It’s what said.

A new day a new record for the S&P 500. What more is there to say?   And we can all thank Powell. Powell’s comment has left the U.S. market in no doubt that a rate cut is due and due shortly. And the Fed Minutes also confirmed what lies ahead, another rate cut.

With Powell to address Congress the next two days, the good news is probably out there. So, the next moves will be interesting for both bonds and equities. Both have seen significant gains over the last six months and for many investors they are already discounting the quantum of interest rate cuts in the future.

The equity market saw solid gains from the technology stocks, whilst financials retreated on lower interest rate concerns. The days trading was a little under the average trading volume.

Bonds on the day were mixed. The 10-year rose to 2.10% before closing around 2.06% following Powell’s comments whilst the curve steepened markedly. The 2/10 widened to 23 bp. And the 2/30 widened some 12 bp. The chance of a 50 bp in July rate cut once again rose to 28.7% from 3.3% whilst the chance of a 25bp cut fell to 71.4%, suggesting that the market is expecting at least one more cut.

The focus for the market in Powell’s comments was the line “uncertainties continue”. The market spin is that uncertainties alone rather than data will cause the Fed to ease at the end of the month. The bond market is more concerned about the global economy as opposed to the domestic U.S. market. The slowdown in China and weak manufacturing data in Europe are causing concerns.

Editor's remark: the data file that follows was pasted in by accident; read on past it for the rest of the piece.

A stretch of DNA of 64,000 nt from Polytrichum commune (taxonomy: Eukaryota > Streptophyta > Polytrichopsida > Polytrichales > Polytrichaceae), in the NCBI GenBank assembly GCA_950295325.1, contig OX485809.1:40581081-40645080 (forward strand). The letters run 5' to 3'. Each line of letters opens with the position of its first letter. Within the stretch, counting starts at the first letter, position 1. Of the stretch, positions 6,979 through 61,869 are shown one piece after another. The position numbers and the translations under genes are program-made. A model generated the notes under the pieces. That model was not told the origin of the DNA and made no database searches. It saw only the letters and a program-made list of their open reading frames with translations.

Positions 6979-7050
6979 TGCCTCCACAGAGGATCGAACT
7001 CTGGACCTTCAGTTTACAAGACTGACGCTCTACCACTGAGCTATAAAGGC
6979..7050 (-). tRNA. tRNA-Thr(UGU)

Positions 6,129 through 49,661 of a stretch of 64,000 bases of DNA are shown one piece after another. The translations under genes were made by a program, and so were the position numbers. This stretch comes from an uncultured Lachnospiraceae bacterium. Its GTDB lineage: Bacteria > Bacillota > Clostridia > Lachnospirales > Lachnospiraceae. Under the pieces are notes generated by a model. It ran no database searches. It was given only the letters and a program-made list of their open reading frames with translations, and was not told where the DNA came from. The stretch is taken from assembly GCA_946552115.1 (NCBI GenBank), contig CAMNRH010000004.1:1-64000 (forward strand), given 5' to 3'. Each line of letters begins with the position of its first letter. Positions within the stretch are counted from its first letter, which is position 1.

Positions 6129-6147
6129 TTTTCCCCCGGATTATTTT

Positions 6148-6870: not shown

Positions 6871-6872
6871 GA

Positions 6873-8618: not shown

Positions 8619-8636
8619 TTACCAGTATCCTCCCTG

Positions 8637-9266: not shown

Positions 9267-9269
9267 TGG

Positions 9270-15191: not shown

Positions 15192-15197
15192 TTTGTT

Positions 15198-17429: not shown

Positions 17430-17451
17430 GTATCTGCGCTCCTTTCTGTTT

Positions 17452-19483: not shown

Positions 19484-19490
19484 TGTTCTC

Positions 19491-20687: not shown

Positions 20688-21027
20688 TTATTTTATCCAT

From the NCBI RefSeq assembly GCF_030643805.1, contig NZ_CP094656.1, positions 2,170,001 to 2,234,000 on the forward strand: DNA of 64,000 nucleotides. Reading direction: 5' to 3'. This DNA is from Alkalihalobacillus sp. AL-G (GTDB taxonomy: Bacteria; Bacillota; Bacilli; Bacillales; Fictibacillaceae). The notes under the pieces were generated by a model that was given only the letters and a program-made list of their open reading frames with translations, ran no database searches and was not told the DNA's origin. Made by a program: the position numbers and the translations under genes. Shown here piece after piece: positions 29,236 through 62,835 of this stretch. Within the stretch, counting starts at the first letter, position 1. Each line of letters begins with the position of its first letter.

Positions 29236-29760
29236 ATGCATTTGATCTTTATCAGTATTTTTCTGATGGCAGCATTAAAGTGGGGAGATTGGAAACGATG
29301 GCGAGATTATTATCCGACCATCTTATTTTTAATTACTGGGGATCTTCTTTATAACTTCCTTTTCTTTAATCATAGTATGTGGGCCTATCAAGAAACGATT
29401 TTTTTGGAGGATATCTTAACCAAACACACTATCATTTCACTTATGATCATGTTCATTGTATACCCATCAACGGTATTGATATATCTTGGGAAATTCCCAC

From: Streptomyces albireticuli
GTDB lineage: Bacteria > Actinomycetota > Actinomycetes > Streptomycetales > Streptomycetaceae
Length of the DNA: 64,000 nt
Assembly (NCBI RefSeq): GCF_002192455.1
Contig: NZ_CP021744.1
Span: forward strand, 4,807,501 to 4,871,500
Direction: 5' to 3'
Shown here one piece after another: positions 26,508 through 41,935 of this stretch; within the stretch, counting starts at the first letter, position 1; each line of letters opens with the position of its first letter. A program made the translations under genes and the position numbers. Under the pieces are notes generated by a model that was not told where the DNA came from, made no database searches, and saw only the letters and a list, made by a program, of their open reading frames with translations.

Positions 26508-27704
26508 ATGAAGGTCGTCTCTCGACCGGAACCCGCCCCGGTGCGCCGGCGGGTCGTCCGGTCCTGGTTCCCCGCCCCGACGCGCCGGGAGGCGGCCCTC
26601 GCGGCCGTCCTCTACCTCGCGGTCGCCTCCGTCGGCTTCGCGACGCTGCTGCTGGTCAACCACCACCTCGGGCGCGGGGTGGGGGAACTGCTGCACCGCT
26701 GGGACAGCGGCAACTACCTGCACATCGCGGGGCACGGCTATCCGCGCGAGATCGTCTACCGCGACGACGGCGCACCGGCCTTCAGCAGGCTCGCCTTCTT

The 10-year auction went to average demand. Indirect bidders took 60.76%, direct bidders took 12.85% and the primary dealers took 26.39%. The level of primary dealer activity is interesting as it points to less institutional demand and more trader driven demand.

Europe, unlike the U.S., was a little troubled.  Strong manufacturing data from France caused bond investors to be wary of the day’s German bund auction. Italy re-issued a 50-year bond with very strong demand being seen from German investors.

The 3-billion euro top up drew bids of 17 billion euros. The buyer breakdown was 35% German buyers, 22% from the UK, 8% were investors from the U.S. Overall 84% of the bids were not Italian investors. Central banks accounted for 3% of demand.

Oil spiked today, and that appears to be as a result of U.S. oil producers slashing production in the Gulf of Mexico as the first of the major summer storms threaten oil production.

Market Recap.

Equities: The S&P 500 rose 0.45%. The Dow rose 0.29%. The Vix closed at 13.03. The Stoxx Europe 600 Index fell 0.2%.

Currencies: The euro rose 0.4%. The Bloomberg Dollar Spot Index fell 0.3% and the yen rose 0.4%.

Bonds: (as at 4.30pm). The ten-year is trading at 2.06%. The 2-year is trading at 1.828% and the 30-year is at 2.574%. The U.S. curve closed on the day with the following closes 2/10 at 23.1 bp, 2/30 at 74.6 bp and the 10/30 closed at 51.3 bp. The U.S. 5-year closed at 1.828%. The 2/5 spread is now -0.4 bp. The ten-year bund closed at -0.305% and the British gilt closed at 0.759%. The 10-year yen gilt is trading -0.115%.

Commodities: WTI was gained 4.4%. Gold rose 1.3%.

Bitcoin is trading around $11,759.

Aussie Market Today.

The trend is that with offshore rallying and expectations of a rate cut in the U.S. equities will rally.

Bonds will be bound by offshore movements. Bonds should be steady on the day. Credit remains in demand and bank sub debt is starting to see a bid tone after spreads pushed out earlier in the week.